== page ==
Stolen Fire Pit

We don’t see a lot of other people these days, at least in person. But we did find a workaround to help. My son had a friend over not too long ago, sort of. They hung out at the end of our long driveway, a good distance apart, but enough to have a long conversation. That worked well to get in some real face time. We have no close neighbors so it was just the two of them.

Not long after that we had their whole family over. The second time they came over we hauled our metal fire pit to the end of the driveway and put that between us. They were on the road side and we were on the house side and it was enough to have a shared experience. After they left we snuffed the fire and pulled the pit off to the side and went back to the house.

My daughter tried this with friends as well. We had three or four fires this way. Then my daughter had a plan to do it one more time. We grabbed some wood and matches and water to put the fire out at the end and headed down the driveway. But we got there and the fire pit seemed, well, missing. Hadn’t we left it right there? We had. It was gone.

There was a pile of cold wood coals. The fire pit was gone, as was the grate that we had set off to the side. Someone had come to our house, dumped the ashes, grabbed the pit with its grate, and taken it for themselves. We were a bit dumbfounded. Who would do that? Especially right now? I mean, I know people steal stuff, but to take it while we are home? During the day? That’s bold.

Missing the fire pit isn’t too much of a problem. It is just a thing, albeit one that brought a lot of joy. My daughter and friends had a fire right on the gravel of the driveway that night. In fact, we have a second metal fire pit. Years ago my wife and I both bought one to give to each other for Christmas. Hers was better so we have had been using that one. I pulled out the second one from the basement and, after way too much assembly, we have another one to use, although we have yet to christen it.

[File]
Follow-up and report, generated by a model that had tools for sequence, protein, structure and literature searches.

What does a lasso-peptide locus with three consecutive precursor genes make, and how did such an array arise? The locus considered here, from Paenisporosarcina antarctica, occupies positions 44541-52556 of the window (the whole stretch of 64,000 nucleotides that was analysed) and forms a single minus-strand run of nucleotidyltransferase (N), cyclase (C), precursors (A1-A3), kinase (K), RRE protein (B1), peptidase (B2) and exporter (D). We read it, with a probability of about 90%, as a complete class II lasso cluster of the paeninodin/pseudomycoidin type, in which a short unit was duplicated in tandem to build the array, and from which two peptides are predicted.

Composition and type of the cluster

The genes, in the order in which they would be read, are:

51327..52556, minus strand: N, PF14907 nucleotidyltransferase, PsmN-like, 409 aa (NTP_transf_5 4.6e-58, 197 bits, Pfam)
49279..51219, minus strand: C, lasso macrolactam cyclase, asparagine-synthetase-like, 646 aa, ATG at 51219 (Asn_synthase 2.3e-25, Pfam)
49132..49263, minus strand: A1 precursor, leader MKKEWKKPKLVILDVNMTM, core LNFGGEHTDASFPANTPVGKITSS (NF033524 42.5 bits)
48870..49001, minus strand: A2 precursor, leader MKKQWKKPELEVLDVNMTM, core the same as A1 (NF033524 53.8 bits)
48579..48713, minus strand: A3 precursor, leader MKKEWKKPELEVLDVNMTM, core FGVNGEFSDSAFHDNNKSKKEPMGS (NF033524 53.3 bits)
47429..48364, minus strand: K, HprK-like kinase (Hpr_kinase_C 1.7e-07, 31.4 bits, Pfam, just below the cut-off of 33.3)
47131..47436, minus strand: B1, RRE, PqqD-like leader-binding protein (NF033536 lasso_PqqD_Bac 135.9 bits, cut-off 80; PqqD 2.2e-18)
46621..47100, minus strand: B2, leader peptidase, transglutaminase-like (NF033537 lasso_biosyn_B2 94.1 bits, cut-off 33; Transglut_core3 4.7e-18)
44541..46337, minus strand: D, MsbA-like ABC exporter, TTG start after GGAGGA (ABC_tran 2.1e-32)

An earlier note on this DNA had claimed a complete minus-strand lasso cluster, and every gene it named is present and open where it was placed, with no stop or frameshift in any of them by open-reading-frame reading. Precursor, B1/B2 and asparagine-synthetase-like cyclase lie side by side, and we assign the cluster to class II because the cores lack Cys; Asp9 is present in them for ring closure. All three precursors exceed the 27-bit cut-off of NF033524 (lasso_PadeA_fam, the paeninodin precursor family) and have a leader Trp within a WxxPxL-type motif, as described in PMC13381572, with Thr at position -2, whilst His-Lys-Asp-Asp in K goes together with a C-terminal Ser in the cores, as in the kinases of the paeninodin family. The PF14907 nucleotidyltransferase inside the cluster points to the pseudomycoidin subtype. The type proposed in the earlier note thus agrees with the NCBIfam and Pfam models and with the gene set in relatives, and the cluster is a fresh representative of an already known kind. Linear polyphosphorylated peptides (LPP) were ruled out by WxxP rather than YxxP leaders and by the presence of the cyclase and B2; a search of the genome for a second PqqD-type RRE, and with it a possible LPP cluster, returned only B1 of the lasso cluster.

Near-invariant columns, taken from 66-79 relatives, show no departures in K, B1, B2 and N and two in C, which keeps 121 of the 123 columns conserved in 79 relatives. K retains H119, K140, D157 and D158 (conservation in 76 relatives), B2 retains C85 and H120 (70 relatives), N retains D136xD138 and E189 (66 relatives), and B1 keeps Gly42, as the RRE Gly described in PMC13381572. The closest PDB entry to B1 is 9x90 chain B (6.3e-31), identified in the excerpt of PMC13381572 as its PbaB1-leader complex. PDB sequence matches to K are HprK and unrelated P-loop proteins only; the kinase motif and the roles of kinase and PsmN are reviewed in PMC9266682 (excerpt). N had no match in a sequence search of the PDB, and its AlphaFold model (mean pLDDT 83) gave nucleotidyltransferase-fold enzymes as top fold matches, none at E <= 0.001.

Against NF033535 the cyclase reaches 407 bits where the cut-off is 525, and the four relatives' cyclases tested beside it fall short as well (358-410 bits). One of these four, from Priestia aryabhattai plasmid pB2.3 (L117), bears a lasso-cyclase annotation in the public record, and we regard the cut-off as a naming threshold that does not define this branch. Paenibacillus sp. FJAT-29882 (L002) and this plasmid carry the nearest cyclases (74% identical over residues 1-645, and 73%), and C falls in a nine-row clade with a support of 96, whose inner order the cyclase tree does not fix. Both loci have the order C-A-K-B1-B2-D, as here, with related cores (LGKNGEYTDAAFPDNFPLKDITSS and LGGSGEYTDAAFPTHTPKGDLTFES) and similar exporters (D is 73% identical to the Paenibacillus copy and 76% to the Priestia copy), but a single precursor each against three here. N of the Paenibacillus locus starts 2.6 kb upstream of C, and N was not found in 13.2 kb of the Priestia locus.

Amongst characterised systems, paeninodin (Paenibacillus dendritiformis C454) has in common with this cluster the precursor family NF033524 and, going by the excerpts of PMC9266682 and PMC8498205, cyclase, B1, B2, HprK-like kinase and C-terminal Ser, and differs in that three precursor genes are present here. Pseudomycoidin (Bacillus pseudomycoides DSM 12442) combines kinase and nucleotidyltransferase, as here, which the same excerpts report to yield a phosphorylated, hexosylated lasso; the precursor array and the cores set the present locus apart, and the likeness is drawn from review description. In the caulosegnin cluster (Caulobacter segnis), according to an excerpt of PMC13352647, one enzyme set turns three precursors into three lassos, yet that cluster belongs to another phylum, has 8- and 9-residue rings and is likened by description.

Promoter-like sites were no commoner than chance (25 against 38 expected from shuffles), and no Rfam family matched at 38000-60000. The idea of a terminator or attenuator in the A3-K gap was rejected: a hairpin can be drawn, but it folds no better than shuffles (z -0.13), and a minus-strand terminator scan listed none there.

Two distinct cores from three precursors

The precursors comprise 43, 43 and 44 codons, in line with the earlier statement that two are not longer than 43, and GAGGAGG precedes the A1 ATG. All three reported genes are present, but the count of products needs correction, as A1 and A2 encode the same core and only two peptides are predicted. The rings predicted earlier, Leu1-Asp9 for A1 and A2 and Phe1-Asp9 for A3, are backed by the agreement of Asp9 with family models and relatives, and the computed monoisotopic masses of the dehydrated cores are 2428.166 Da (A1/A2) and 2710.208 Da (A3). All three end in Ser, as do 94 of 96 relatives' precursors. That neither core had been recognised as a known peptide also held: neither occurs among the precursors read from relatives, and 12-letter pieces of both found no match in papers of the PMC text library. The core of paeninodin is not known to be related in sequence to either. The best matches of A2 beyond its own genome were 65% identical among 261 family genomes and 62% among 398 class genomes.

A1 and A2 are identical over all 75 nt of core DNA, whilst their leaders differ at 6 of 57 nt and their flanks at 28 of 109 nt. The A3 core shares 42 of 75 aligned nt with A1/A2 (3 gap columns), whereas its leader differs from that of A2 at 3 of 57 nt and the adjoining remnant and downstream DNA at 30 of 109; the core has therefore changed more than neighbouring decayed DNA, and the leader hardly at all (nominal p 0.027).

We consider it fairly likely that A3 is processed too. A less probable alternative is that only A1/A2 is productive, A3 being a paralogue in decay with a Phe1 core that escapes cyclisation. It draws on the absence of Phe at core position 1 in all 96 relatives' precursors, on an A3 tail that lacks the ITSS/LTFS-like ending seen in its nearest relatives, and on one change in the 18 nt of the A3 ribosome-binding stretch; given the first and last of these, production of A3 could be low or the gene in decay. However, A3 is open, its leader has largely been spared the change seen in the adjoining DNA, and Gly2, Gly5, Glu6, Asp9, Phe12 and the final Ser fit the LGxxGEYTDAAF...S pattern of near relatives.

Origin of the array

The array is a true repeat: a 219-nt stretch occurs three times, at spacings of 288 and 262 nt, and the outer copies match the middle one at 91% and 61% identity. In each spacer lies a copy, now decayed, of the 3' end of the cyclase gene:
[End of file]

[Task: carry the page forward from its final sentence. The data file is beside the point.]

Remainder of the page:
The problem is that someone stole this object that made a big difference during these days of isolation. It was a symbol of how we might come together even when we can’t come together like we would at another time. It allowed for real sharing, not virtual sharing–light across distance. Plus it was a gift, and we had shared many fires with many other people over the years. For someone to just take that? That ain’t right.

Luckily we do have a back-up. I guess we won’t be leaving it at the end of the driveway, however. And I hope that the one that disappeared ends up causing some joy for others, even if it is a soured joy. I hope the sourness wears off, and true enjoyment can be had from our old fire pit. That theft has put a ding in a lonely time for us, so I hope it can take a ding out of someone else’s.

Thankgiving Dinner

We headed down to hang with my side of the family for Thanksgiving.  We had a typical Thanksgiving dinner.  The menu included:

  • Turkey ( I abstained)
  • Mashed potatoes